Lighter hues attract attention in leather suppliers' booths
Larry Thomas -- Furniture Today, December 10, 2012
HIGH POINT - Taking cues from the apparel and handbag businesses, suppliers of leather showed off an array of new, lighter colors suitable for residential furniture at Showtime last week.
Suppliers stressed the newer colors will not supplant brown as the dominant furniture color, but said various shades of white, gray, teal, orange, purple and even yellow drew considerable attention from furniture manufacturers who visited their booths.
"Color has always been a big part of our story, and we had a lot of interest in a lot of different colors," said Sackett Wood, president of Moore & Giles. "It was a very good show for us."
Officials at Carroll Leather expressed much the same sentiment, and said their company had very positive response to a new group of colors that mimic the most popular interior house paint colors.
The new colors have a softer tone with less sheen than many leather articles, said Kym Bauguess, vice president of hospitality sales and marketing.
"We tried to peek into the future and see what colors people will be using six to 12 months from now," Bauguess said.
Bo Stadler, U.S. sales manager for German supplier Heller-Leder, said lighter colors were among his most popular items at the show, including one called parchment that had shades of white and a very light brown.
"We tend to sell colors that are difficult for others to make," Stadler said. "We think that's what sets us apart."
Since virtually all of the leather used for furniture in the U.S. originates from tanneries outside the country, Stadler and other executives said it is critical to have a large inventory of finished hides in a domestic warehouse.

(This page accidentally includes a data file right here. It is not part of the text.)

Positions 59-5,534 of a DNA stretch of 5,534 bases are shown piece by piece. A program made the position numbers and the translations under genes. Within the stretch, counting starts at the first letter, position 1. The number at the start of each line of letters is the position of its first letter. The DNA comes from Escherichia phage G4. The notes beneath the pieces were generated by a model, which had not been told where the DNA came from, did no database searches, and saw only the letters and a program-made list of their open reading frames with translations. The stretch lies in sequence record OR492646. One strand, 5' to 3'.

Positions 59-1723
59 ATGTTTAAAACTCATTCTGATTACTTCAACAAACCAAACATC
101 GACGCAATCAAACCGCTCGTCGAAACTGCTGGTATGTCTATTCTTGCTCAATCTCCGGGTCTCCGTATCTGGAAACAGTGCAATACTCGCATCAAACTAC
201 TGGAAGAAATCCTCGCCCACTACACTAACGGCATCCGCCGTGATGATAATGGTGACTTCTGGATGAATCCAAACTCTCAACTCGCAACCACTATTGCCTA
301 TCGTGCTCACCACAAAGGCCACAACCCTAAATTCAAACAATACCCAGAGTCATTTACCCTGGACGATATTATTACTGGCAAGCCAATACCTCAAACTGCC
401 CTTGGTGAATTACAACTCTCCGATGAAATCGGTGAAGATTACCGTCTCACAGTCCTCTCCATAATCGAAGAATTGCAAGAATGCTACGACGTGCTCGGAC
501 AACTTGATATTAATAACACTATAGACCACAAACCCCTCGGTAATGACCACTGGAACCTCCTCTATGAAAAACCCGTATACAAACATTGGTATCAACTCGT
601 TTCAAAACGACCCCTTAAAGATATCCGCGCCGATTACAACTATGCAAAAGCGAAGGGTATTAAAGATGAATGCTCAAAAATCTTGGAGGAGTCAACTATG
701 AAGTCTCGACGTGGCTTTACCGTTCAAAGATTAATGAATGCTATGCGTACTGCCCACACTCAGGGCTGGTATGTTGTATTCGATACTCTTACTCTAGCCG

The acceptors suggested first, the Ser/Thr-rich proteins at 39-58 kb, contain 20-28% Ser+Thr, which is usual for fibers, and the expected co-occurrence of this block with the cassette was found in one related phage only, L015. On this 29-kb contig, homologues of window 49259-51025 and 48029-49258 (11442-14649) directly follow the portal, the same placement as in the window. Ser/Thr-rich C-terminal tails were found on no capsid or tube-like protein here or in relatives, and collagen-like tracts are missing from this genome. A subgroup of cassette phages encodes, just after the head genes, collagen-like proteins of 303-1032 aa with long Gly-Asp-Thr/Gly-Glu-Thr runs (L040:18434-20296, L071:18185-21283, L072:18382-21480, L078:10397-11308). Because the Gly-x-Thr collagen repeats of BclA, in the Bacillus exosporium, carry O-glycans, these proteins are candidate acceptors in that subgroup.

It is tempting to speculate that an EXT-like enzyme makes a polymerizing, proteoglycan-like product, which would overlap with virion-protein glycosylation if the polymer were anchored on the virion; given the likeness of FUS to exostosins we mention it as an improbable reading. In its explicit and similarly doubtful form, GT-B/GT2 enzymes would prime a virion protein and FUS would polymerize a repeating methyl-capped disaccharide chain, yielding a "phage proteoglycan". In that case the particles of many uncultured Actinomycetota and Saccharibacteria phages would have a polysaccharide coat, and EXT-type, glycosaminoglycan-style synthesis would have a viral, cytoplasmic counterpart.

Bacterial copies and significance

Both Carroll Leather and Moore & Giles, for example, are increasing the size of their warehouses to strengthen their in-stock positions, while Universal Leather has completed its transition to Mexican tanneries and now gets all of its hides from Mexico.
That allows the company to be more responsive to customer demand and has significantly reduced the time it takes to move goods to its U.S. warehouse, said Universal President Ken Kochekian.
"I think we made the right move," Kochekian said. "Everybody seems to be moving out of China because (Chinese tannery) prices are getting too high."
Kurt Schweitzer, president of Wipelli USA, said his company also is boosting its domestic inventory, and already has stocked a line of pure aniline buffalo hides that was unveiled at the show.
"We try to keep everything in our line in stock, because people don't want to wait weeks for delivery," he said.
Schweitzer and others said the desire for quick delivery applies to goods at all price points, but is especially important for higherend leathers.
"More people are looking for better goods, and fortunately for me, that's what we're all about," said Rick Colford, president of Hulshof Leather USA, which market highend leather from a Dutch tannery. "Business has been pretty good."
Added Steven Judd, president of Leather Trends, "Now that more (furniture companies) are manufacturing in the U.S., they want better goods. We are very pleased with the flow of product here."